I heard Dish Network and DIRECTV are merging. Is this true?

Dish Network (Echostar) made a buyout proposal in 2002, which was rejected by the FCC and the Department of Justice as anti-competitive. Hughes (the owner of DIRECTV at the time) subsequently sold its stake to News Corporation. At this point, a combination seems unlikely.

Can I get satellite TV?

Most people can get satellite TV. There are basically two criteria you must meet:

  • An unobstructed view of the southern sky
  • A place to install your dish that meets criteria #1
  • These may sound like they overlap, and if you are a single-family homeowner, they do. It gets a little trickier if you live in an apartment or condominium community, rent a home, or have a picky homeowner's association.

I live in an apartment or condo. What options do I have?

Check with your landlord or property manager to see if you can install the dish on your rooftop. If you can't, the FCC has ruled that you can have a satellite dish on your private balcony, patio or garden. You do not need the approval of your landlord to do this. Click here for the relevant FCC regulation on this issue.

Is high speed Internet access available with satellite TV?

Higher speed Internet is available over satellite, but is offered by companies other than DISH and DIRECTV, requires additional equipment and is priced separately. Satellite is not as fast as other high speed options, so DSL or cable modem are preferable, in our opinion, if they are available where you live.

Where is satellite TV available?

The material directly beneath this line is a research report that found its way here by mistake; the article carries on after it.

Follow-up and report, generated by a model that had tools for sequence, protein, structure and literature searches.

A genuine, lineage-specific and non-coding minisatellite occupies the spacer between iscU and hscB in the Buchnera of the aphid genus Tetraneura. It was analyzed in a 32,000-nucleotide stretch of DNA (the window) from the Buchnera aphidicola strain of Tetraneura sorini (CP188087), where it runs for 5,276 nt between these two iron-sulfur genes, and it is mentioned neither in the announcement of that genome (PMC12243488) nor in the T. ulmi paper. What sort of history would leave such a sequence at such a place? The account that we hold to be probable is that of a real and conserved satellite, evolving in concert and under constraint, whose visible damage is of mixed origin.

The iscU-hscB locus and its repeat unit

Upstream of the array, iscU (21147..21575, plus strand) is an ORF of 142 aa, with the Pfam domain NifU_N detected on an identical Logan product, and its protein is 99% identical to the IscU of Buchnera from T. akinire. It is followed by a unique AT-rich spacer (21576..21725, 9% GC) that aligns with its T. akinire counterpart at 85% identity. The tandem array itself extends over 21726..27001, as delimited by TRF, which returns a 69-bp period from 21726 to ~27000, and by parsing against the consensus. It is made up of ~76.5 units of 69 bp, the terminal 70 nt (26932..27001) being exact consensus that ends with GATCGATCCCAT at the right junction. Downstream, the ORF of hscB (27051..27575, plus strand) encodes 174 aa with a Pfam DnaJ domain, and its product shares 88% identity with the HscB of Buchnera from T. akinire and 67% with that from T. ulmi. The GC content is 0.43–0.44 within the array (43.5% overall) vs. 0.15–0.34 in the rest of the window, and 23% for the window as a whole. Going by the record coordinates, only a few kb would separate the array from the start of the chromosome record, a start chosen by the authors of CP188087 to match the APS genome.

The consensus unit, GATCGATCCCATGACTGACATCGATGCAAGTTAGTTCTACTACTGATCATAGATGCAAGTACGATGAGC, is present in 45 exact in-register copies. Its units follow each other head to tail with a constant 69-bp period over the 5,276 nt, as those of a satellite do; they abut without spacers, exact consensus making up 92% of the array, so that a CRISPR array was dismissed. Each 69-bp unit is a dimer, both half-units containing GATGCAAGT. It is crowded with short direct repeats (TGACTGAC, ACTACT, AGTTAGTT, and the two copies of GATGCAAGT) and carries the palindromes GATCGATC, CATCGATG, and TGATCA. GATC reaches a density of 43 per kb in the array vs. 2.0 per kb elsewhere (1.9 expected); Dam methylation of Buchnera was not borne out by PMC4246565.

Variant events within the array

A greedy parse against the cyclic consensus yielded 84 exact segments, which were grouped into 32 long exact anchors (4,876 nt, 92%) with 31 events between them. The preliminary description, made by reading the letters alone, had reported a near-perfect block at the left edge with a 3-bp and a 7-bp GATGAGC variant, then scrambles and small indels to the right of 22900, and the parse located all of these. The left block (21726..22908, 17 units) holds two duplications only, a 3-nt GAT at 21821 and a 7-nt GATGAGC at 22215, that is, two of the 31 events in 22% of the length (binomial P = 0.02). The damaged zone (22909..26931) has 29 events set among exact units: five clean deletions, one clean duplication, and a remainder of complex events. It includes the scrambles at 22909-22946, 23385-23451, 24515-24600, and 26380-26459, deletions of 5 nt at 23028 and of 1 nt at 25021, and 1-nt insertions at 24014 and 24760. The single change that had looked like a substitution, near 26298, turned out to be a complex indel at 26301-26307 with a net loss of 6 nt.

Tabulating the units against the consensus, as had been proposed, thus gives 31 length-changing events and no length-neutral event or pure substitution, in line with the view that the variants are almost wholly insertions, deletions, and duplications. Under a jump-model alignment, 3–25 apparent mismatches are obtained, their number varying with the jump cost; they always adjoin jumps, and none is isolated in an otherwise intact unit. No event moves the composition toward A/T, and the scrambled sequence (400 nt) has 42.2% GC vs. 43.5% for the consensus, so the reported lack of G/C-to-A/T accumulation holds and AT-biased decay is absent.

DIRECTV and DISH are only licensed to broadcast in the United States. The programming options discussed on the other pages of this site include the options available in the 48 continental states. Somewhat modified programming options are available in Alaska, Hawaii and Puerto Rico. These two services are not available internationally, although DIRECTV does have a division that broadcasts programming to parts of Central and South America. For more on that, visit

Frequently Asked Questions about Movie Packages

What is available?

Both DIRECTV and DISH offer multiple channels of HBO, Cinemax, Showtime and STARZ! on a monthly subscription basis.

How much do these channels cost?

Prices vary. Visit our Movie Packages page for current packages and pricing.

What about pay-per-view movies?

Both services offer numerous pay-per-view movie options. The price for most movies is about $4.

What about adult programming?

Adult programming options are available. Some are on a monthly basis, others on a per-movie or per-time block basis.

Frequently Asked Questions about Equipment

I want satellite TV on 2 or 3 or 4 TVs. What do I need?

You’ll need to buy a dish system with a primary receiver, and then one additional receiver for each TV after the first. In most cases, with current equipment, you can hook up to 8 TVs to a single dish system, although the installations get more complex as you add more TVs. Sample configurations:

  • One TV with one receiver
  • Two TVs with two receivers
  • Three or more TVs with same number of receivers

What programming do I get on these additional receivers/TVs?

The way it works is that you sign up for a programming package from your satellite provider, DISH or DIRECTV. As you’ll see elsewhere on this site, that selection will include a basic programming package, and any optional programming, such as HBO or local channels. For $5 per month per additional receiver (after the primary receiver), the selected programming package will be replicated, meaning you can watch that same programming on different TVs, independent of each other. Exception: If you order a pay-per-view event, it is only available on the receiver on which it is ordered.